Changes in the South African education system: in search for economic growth

OUTPUT TYPE: Conference or seminar papers
TITLE AUTHOR(S): J.C.Erasmus, S.C.Steyn
Intranet: HSRC Library: shelf number 2160
HANDLE: 20.500.11910/8701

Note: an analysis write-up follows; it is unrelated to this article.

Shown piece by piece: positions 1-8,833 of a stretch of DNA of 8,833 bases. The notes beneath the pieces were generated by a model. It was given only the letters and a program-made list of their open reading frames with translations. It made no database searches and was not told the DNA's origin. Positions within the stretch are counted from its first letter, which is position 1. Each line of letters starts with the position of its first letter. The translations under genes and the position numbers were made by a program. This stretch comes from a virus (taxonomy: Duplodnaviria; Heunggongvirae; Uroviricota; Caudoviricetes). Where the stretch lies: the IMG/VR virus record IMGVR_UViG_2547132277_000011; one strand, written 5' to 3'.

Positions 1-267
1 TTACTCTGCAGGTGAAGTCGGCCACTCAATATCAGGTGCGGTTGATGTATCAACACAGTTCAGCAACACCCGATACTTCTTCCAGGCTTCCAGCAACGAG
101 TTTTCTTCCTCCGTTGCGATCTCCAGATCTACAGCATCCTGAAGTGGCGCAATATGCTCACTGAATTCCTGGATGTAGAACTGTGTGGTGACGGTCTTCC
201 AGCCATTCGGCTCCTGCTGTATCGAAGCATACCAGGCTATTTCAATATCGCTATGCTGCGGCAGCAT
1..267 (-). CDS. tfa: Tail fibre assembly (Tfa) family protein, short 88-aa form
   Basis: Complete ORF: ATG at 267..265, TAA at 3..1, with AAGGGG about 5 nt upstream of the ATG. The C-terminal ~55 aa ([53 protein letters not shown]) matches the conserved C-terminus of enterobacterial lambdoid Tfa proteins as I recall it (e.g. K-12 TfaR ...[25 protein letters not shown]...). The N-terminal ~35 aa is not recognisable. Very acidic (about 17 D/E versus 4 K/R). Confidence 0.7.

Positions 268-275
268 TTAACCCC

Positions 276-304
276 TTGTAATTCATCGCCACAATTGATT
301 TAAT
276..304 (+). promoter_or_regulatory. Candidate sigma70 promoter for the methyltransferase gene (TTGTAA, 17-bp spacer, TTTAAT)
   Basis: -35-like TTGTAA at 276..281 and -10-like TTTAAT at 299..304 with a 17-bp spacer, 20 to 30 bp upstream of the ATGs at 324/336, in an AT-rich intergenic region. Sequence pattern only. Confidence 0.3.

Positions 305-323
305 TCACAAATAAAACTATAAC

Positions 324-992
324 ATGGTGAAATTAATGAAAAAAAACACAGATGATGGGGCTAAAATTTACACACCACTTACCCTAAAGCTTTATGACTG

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Concurrent with South Africa's democratic elections in 1994 the government signed the World Trade Organisation's (WTO) Uruguay Round, which accelerated the integration of our economy into the global marketplace. The global labour market is characterized by constant change (to the benefit of skilled workers) and the progressive destruction of jobs (affecting especially semiskilled and unskilled workers). South Africa re-entered the world economy with several disadvantages of which an exceptionally high unemployment rate and a low-skilled labour force were the most challenging. Each year over the past decade increasing numbers of jobs have been destroyed in South Africa. There are virtually no jobs for the hundreds of thousands of (apparently better qualified) new entrants to the labour market, let alone the backlog of millions who have been unable to find a job or who cannot generate an income on their own initiative. The same shifts, observed in global economies, are occurring in South Africa. The challenge facing South Africa in addressing the problem of job creation is aggravated by the fact that its labour force is predominantly low skilled, especially if comparisons are drawn with skills levels in other countries. Various innovative measures for enhancing the skills base in South Africa have been introduced since the first democratic elections in 1994. The new policies are designed to deal with the country's lack of international competitiveness and the low rates of investment in the development of human capital. Since 1994, several policies and strategies have been put in place with the aim of creating jobs in various sectors of the South African economy. Because South Africa's education and training system (and in some instances the industrial relations system) has been modelled on those in industrialised countries, problems of co-ordination between the systems may well occur. An integrated approach to the implementation of the different innovative policy frameworks by the responsible public service departments is needed.